27

I am using Scientific Linux (SL). I am trying to compile a project that uses a bunch of C++ (.cpp) files.

In the directory user/project/Build, I enter make to compile and link all the .cpp files. I then have to go to user/run/ and then type ./run.sh values.txt

To debug with GDB, I have to go to user/run and then type gdb ../project/Build/bin/Project and to run, I enter run -Project INPUT/inputfile.txt. However, I am trying to print out the value of variable using p variablename.

However, I get the message s1 = <value optimized out>. I have done some research online, and it seems I need to compile without optimizations using -O0 to resolve this. But where do I enter that? In the CMakeLists? If so, which CMakeLists? The one in project/Build or project/src/project?

2
  • Have you tried simply running cmake again with the build type set to DEBUG? e.g. (from the Build directory) cmake -DCMAKE_BUILD_TYPE=DEBUG .. Feb 28, 2015 at 23:01
  • 1
    Why wasn't this posted on Stack Overflow? Aug 30, 2018 at 13:49

4 Answers 4

18

At invocation time, normally all that you need to make a debug build with CMake is:

cmake -DCMAKE_BUILD_TYPE=Debug ..

Doing that adds the -g flag as can be confirmed with:

make VERBOSE=1

which shows the GCC build commands as explained at: https://stackoverflow.com/questions/5820303/how-do-i-force-make-gcc-to-show-me-the-commands

-O0 is not added by default to the Debug build, but -O0 is the default -O value as mentioned at: https://stackoverflow.com/questions/1778538/how-many-gcc-optimization-levels-are-there and on man gcc, so it normally doesn't matter.

If you would really like to explicitly control the build flags for the debug you can also set them with

cmake -DCMAKE_BUILD_TYPE=Debug
      -DCMAKE_C_FLAGS_DEBUG="-g -O0" \
      -DCMAKE_CXX_FLAGS_DEBUG="-g -O0" \
      ..

The default values of CMAKE_C_FLAGS_DEBUG and CMAKE_CXX_FLAGS_DEBUG can be found as mentioned at: https://stackoverflow.com/questions/16851084/how-to-list-all-cmake-build-options-and-their-default-values with:

cmake -LAH .

which gives:

// Flags used by the CXX compiler during DEBUG builds.                                                   
CMAKE_CXX_FLAGS_DEBUG:STRING=-g                                                                          
                                                                                                                                                                                          
// Flags used by the C compiler during DEBUG builds.                                                     
CMAKE_C_FLAGS_DEBUG:STRING=-g

That command also shows other values of interest which clarify the default behavior across built types:

// Flags used by the CXX compiler during all build types.                               
CMAKE_CXX_FLAGS:STRING=                

// Flags used by the CXX compiler during DEBUG builds.                                       
CMAKE_CXX_FLAGS_DEBUG:STRING=-g             

// Flags used by the CXX compiler during MINSIZEREL builds.                               
CMAKE_CXX_FLAGS_MINSIZEREL:STRING=-Os -DNDEBUG

// Flags used by the CXX compiler during RELEASE builds.                                         
CMAKE_CXX_FLAGS_RELEASE:STRING=-O3 -DNDEBUG     

// Flags used by the CXX compiler during RELWITHDEBINFO builds.
CMAKE_CXX_FLAGS_RELWITHDEBINFO:STRING=-O2 -g -DNDEBUG

If -DCMAKE_BUILD_TYPE=Debug is not passed, CMAKE_BUILD_TYPE is empty, and none of the extra CMAKE_CXX_FLAGS_XXX values are added, so we end with a build without -g.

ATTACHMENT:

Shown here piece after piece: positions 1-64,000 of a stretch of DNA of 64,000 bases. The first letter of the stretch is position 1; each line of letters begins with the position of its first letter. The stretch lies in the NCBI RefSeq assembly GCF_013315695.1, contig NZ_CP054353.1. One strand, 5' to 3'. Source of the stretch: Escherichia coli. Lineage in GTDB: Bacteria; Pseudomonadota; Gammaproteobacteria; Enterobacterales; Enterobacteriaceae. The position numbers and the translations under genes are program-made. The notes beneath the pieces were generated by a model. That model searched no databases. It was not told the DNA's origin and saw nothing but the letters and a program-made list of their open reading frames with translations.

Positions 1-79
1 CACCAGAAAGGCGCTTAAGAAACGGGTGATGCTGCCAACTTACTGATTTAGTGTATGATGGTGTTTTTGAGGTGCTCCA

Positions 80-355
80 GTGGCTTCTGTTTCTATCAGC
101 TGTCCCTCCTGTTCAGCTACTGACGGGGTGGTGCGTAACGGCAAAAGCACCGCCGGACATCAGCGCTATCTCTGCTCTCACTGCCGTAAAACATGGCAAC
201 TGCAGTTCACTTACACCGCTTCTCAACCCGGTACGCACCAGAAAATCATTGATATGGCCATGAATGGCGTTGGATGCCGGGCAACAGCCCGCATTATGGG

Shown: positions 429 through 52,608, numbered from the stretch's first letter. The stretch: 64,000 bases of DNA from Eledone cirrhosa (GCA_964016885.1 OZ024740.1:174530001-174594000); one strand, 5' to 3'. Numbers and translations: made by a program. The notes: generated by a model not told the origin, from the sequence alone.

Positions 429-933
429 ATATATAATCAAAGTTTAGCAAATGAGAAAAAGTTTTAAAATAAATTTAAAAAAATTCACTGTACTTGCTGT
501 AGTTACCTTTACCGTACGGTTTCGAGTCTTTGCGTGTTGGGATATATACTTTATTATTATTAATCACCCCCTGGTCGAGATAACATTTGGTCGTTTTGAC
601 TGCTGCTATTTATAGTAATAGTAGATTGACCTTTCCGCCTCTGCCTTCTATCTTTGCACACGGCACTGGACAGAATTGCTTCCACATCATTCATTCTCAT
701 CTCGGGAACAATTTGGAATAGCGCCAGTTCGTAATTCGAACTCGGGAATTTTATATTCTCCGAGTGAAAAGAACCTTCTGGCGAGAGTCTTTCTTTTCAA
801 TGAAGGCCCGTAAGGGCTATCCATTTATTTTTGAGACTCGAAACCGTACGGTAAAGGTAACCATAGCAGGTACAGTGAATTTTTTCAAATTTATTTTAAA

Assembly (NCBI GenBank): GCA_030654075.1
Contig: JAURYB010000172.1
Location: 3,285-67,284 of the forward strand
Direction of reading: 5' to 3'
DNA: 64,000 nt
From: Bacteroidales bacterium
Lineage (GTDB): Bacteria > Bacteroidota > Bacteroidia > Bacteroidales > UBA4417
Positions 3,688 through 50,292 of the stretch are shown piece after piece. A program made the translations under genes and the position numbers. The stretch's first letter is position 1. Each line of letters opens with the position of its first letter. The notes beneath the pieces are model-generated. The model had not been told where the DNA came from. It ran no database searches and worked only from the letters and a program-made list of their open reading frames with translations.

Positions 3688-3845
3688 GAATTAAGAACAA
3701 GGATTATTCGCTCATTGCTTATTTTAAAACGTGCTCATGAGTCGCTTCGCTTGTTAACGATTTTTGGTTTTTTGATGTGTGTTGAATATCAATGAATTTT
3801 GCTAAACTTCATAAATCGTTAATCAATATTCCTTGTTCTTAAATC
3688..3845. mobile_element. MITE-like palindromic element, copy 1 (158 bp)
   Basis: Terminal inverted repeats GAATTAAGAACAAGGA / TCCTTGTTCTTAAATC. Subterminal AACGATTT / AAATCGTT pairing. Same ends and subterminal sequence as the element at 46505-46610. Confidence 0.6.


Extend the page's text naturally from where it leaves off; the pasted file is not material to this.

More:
Tested on Ubuntu 22.10, CMake 3.24.2.

14

Chip's answer was helpful, however since the SET line overwrote CMAKE_CXX_FLAGS_DEBUG this removed the -g default which caused my executable to be built without debug info. I needed to make a small additional modification to CMakeLists.txt in the project source directory to get an executable built with debugging info and -O0 optimizations (on cmake version 2.8.12.2).

I added the following to CMakeLists.txt to add -O0 and leave -g enabled:

# Add -O0 to remove optimizations when using gcc
IF(CMAKE_COMPILER_IS_GNUCC)
    set(CMAKE_CXX_FLAGS_DEBUG "${CMAKE_CXX_FLAGS_DEBUG} -O0")
    set(CMAKE_C_FLAGS_DEBUG "${CMAKE_C_FLAGS_DEBUG} -O0")
ENDIF(CMAKE_COMPILER_IS_GNUCC)

This adds the -O0 optimization to flags already used for debug by CMake and only is included for GCC builds if you happen to be using a cross platform project.

7

Add this to CMakeLists.txt (the one in the project source directory; don't touch anything in the build directory):

SET(CMAKE_CXX_FLAGS_DEBUG "-O0")
SET(CMAKE_C_FLAGS_DEBUG "-O0")

and then

$ cmake -DCMAKE_BUILD_TYPE=Debug

will work. Alternatively just add this to CMakeLists.txt:

SET(CMAKE_CXX_FLAGS "-O0")
SET(CMAKE_C_FLAGS "-O0")
4

I found that in some tests my CMAKE_C_FLAGS contained some optimization option by default (i.e. -O2). In this case, the above suggestions to do something like set(CMAKE_CXX_FLAGS_DEBUG "${CMAKE_C_FLAGS_DEBUG} -O0") resulted in "-O2 -g -O0" which doesn't disable optimization.

Instead, I've had success using a simple regex to replace "-O#" with an empty string before appending "-O0".

My regex could probably use some fine tuning, but so far it seems to work well enough:

option(OPTIMIZE "Allow compiler optimizations.  Set to OFF to disable" ON)

if(NOT OPTIMIZE)
    string(REGEX REPLACE "(\-O[011123456789])" "" CMAKE_CXX_FLAGS "${CMAKE_CXX_FLAGS}")
    string(REGEX REPLACE "(\-O[011123456789])" "" CMAKE_C_FLAGS "${CMAKE_C_FLAGS}")

    set(CMAKE_CXX_FLAGS "${CMAKE_CXX_FLAGS} -O0")
    set(CMAKE_C_FLAGS "${CMAKE_C_FLAGS} -O0")
endif()
1
  • 1
    Actually, gcc overrides previously provided flags whenever a new one is found. So, adding -O0 after -O2 disables optimization. Your solution produces a cleaner execution output nonetheless.
    – Cengiz Can
    Jun 17, 2021 at 14:29

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